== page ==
New York City Democratic leader Albert Baldeo was convicted last week of seven counts of obstruction of justice. He was acquitted on three counts of fraud related to the use of straw donors to qualify for taxpayer matching funds for 2010 for his unsuccessful City Council campaign. The scheme was exposed by NLPC and was the subject of a New York Post story on October 11, 2011.
Baldeo is a close associate of Rep. Gregory Meeks (D-NY). The two shared an office from 2006 to 2009. The two have jointly sponsored workshops and programs on immigration and mortgage foreclosure. Meeks even arranged for a Congressional Proclamation in 2009 that called Baldeo a "visionary leader" and thanked him for his community service. See photo.
On Wednesday the New York Times published an account of how New York Governor Andrew Cuomo and his staff derailed the workings of an anti-corruption commission that Cuomo had established with great fanfare just months earlier. A New York state law from 1907 named for its sponsor, Sherman Moreland, allows the governor to appoint investigators with subpoena power to seek out corruption in state government.
Senator Robert Menendez (D-NJ) is claiming that Cuban intelligence operatives may have planted reports that he patronized underage prostitutes. According to a Washington Post story on Monday by Carol Leonnig and Manuel Roig-Franzia:
The alleged Cuba connection was laid out in an intelligence report provided last year to U.S. government officials and sent by secure cable to the FBI's counterintelligence division, according to the former official and a second person with close ties to Menendez who had been briefed on the matter.
An lo and behold, look who is topping the list. It is Dr. Salomon Melgen, Senator Robert Menendez' biggest donor, whose eye practice in Palm Beach, Florida has been twice raided by the FBI. Apparently, Melgen was the top recipient of Medicare reimbursements for the whole county. In 2012, he received more than $20 million. The news has put renewed scrutiny on Melgen and his relationship with Menendez, which is reportedly under investigation by federal law enforcement authorities.
Last month, I wrote about pressure on state pension funds, many of which are underfunded and are facing immense pressure to chase higher returns. I profiled a $125 million investment made by the New Mexico Educational Retirement Board (NMERB) into Gramercy, a Connecticut-based hedge fund.
As we showed last month, there were some gaps between what Gramercy disclosed to NMERB and what we found in official records. Now Gramercy is making big news as a potential facilitator of a settlement between Argentina and holdout creditors. According to news reports, Gramercy and other bondholders who took Argentina's 2010 bond exchange are pushing a settlement.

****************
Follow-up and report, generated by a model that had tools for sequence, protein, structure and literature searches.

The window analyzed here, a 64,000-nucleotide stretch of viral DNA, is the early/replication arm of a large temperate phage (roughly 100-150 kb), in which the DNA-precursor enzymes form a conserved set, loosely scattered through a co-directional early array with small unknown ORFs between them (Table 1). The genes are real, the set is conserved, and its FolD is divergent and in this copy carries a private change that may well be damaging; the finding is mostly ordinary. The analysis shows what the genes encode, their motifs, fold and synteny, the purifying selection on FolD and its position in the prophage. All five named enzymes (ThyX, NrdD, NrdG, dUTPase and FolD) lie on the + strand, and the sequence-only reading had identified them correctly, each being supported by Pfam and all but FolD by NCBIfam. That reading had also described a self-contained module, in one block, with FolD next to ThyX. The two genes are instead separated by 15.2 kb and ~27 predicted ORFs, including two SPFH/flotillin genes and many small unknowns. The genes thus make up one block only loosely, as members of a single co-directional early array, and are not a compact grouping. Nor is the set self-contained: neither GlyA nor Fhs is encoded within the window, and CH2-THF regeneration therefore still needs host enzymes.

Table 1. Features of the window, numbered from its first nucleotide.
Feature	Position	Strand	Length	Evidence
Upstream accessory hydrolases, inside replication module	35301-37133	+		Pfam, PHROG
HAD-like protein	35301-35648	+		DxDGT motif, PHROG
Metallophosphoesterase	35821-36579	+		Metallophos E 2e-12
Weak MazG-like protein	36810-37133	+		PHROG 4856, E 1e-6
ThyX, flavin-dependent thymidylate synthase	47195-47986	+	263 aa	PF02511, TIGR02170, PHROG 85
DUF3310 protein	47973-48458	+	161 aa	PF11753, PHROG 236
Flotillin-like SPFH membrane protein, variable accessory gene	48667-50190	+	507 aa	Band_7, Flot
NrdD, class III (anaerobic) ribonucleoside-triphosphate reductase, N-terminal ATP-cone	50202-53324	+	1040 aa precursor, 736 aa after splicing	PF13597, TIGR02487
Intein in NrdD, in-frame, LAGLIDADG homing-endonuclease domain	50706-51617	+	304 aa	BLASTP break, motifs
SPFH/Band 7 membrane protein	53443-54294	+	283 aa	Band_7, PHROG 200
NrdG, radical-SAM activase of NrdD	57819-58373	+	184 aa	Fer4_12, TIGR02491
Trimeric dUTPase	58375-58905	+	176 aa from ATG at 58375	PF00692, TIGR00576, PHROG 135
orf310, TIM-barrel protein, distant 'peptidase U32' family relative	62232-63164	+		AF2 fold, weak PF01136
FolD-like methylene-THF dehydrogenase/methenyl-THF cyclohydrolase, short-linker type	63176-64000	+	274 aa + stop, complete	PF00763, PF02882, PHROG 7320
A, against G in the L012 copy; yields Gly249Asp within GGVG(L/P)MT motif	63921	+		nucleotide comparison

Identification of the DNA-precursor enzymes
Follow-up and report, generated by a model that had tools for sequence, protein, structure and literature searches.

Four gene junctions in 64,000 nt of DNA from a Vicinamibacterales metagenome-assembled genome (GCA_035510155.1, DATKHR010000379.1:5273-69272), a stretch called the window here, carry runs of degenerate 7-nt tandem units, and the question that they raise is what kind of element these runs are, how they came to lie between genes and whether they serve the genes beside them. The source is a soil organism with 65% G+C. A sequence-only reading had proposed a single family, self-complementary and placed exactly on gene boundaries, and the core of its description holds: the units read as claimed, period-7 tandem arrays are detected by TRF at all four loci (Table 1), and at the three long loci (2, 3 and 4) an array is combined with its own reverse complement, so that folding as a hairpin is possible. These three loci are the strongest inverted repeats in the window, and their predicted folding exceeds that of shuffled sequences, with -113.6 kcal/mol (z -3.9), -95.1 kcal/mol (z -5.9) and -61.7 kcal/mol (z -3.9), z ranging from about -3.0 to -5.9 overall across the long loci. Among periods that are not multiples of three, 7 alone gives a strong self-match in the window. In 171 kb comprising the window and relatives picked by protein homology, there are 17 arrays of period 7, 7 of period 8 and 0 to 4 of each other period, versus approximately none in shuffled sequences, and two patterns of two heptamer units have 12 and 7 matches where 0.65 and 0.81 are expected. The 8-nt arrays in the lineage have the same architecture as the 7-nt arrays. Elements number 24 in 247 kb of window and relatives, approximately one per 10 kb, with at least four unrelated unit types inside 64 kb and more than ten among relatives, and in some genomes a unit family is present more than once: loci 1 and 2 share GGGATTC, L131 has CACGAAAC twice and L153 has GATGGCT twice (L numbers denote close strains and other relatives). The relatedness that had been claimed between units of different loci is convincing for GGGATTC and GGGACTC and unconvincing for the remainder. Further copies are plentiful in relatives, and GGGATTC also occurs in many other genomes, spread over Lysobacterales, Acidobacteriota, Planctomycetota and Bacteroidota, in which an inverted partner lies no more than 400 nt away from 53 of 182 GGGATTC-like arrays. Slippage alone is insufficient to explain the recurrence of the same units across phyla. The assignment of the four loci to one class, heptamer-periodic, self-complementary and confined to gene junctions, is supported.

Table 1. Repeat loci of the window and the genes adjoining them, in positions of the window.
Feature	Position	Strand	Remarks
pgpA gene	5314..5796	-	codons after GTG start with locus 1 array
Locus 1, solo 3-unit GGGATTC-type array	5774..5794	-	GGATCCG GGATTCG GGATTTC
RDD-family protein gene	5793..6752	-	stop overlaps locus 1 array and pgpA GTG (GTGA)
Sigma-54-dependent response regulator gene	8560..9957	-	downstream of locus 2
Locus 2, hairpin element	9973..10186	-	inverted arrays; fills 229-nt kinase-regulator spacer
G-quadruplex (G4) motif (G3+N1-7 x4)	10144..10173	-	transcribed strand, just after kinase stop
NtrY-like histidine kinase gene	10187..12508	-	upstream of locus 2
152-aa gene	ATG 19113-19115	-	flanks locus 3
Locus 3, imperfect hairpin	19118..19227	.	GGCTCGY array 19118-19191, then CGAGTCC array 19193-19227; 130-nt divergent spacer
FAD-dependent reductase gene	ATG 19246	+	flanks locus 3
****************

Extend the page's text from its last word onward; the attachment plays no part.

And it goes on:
The financial crisis brought havoc to just about every financial institution in the country. But let's focus on the current status of state pension funds, where the crisis is beginning to look particularly grim.
Just how underfunded are state pension funds? The estimates start at well over a trillion dollars and go up from there. The answer depends on the observed time period, the difficulty in raising taxes on an already overtaxed public, and the severe problems in getting decent returns without taking unacceptable risks.
New York State Senator John Sampson (D-Brooklyn) was arrested today, charged with embezzelment, obstruction of justice and making false statements to the FBI.
Also, the New York Daily Newsreports today that the FBI is investigating a $188,500 "loan" to Sampson from Edul Ahmad, the Guyanese-American businessman who pled guilty to charges in a multi-million dollar mortgage fraud scheme.
On Friday, prosecutors disclosed that Shirley L. Huntley, when she was a Democratic state senator from Queens, had secretly recorded conversations with seven elected officials and two other people after she was confronted by the F.B.I. and asked about her alleged participation in criminal schemes involving embezzlement and bribery.
NLPC exposed a sham charity Huntley founded called The Parent Workshop, to which she steered tens of thousands in taxpayer money. Our research was first reported in the New York Post of March 6, 2011, apparently triggering the criminal probe.
Democratic State Senator Malcolm Smith, a close crony of embattled U.S. Rep. Gregory Meeks (D-NY), was arrested by the FBI this morning, along with several Republican party officials. According to various news reports, the arrests result from a scheme to bribe Republican officials to allow Smith to run for New York City mayor as a Republican. Smith is the former president of the State Senate.
From afar, the scheme seems bizarre, but in the context of the endemic graft in New York City, it is not far fetched at all. NLPC has played a key role in exposing a rotten political culture that is corrupt from top to bottom, and spans both parties.
The Washington Post today reports that a federal grand jury is investigating Senator Robert Menendez (D-NJ) for pushing a Dominican port security deal that would have meant a windfall for Dr. Salomon Melgen, a major donor. The post security deal was first reported in the New York Times on February 1, based on information provided by NLPC.
Post reporters Carol Leonnig and Peter Wallsten cited unnamed sources for the existence of the grand jury and a related investigation. According to the story: